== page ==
So, here’s the challenge for us this morning, week 5 of Every Perfect Gift. What is your blanky? You are Bartimaeus. You sit in the street. Half of your cloak is under you, protecting you from the dirty road. You wrap yourself in the other half, like a rug pulled up to your chin. You’re waiting for Jesus to walk down your street. You’ve heard amazing things about him. Miraculous things, life changing things. And you wonder: can he do it for me too? Because you need it. The ailment you need healing for is not one that a physician can cure. No medicine can remedy it, no therapist banish it, no physio massage it away. The ailment, experienced by all our ancestors from our mother and father in Eden, on through countless generations, and that now afflicts you and me is a sickness of the heart, a disease of the soul. It’s the alienation we feel – from God, from human beings, from creation, even from ourselves.
And here he comes. You can’t miss this chance. It may never come again. So, you call out, ‘Jesus’. And he stops and turns and looks at you – compassion and empathy etched in his eyes. He asks you to stand and come to him. But there’s this cloak around you. It’s preventing you from moving freely. It is stopping you from living fully as the glorious and free child of God you were created to be. It’s your beggar’s cloak. You’ve had it for years. It’s a sign of who you are, your position in life. With this cloak you project your values, proclaim your beliefs, magnify your achievements for the world to see. When you’re sad or feeling lonely you seek it, and you cling to it. When you cuddle it, you feel safe and special and insulated from the problems of life. When you’re frustrated or when you dislike yourself you find solace and soothing. Over the years this cloak has become a part of your very identity. In fact, you don’t even know who you are anymore because your cloak has, inch by inch, month by month, fused itself with your soul. You can’t even see where you end, and it starts. Jesus stands in the street waiting for your answer. Because before you can move on, you have to give it up. What will you do?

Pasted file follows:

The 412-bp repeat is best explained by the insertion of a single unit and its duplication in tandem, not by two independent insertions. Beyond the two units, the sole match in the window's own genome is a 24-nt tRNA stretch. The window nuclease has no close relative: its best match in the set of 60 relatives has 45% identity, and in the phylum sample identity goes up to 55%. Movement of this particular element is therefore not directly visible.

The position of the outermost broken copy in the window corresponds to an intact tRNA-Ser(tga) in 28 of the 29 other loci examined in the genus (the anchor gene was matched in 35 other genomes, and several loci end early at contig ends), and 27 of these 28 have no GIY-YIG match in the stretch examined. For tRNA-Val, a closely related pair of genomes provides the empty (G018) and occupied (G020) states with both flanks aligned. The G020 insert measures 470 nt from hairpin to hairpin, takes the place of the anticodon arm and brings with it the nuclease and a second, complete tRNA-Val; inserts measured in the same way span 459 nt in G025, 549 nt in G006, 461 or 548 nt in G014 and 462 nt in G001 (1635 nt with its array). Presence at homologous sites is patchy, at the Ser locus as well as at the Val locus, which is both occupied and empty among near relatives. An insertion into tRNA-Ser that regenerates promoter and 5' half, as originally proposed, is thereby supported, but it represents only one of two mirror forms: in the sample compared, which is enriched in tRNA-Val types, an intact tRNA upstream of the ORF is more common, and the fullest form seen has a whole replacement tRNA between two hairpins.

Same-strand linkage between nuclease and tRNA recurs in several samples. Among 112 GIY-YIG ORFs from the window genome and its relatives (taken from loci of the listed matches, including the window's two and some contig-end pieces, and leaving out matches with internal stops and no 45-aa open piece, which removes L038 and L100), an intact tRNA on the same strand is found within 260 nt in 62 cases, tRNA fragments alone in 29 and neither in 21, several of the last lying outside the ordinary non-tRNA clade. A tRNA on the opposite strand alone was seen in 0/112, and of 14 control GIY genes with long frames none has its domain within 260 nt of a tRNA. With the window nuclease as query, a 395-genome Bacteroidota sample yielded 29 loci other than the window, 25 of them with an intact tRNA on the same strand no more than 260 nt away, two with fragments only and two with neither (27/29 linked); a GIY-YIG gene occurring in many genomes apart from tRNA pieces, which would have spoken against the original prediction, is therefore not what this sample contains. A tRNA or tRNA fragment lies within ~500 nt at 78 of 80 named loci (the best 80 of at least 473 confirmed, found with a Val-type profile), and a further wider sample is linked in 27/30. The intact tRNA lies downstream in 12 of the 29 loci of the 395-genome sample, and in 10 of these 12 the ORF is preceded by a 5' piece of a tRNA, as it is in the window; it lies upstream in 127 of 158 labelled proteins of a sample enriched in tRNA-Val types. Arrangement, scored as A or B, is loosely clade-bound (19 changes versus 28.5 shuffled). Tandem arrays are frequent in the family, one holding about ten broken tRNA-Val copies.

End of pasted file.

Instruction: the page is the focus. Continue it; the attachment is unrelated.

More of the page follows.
I’ve sat there too. My cloak has been a hobby that grew too big for its boots, a relationship that was destroying my health. Many times, I’ve heard the invitation to stand. I’ve felt the pull of the cloak. At times I’ve had to wrestle it to the ground, as if it has a life of its own – I’ve had to prize its grip off me. Even after I’ve cast it off it calls – ‘come back, you need me, you can’t survive without me. I’m your precious cloak. I give you all you need.’ What’s your cloak? Enough. We don’t need them. We are following Christ. So, let’s do that, unhindered and free. Because before you can move on, you have to give it up.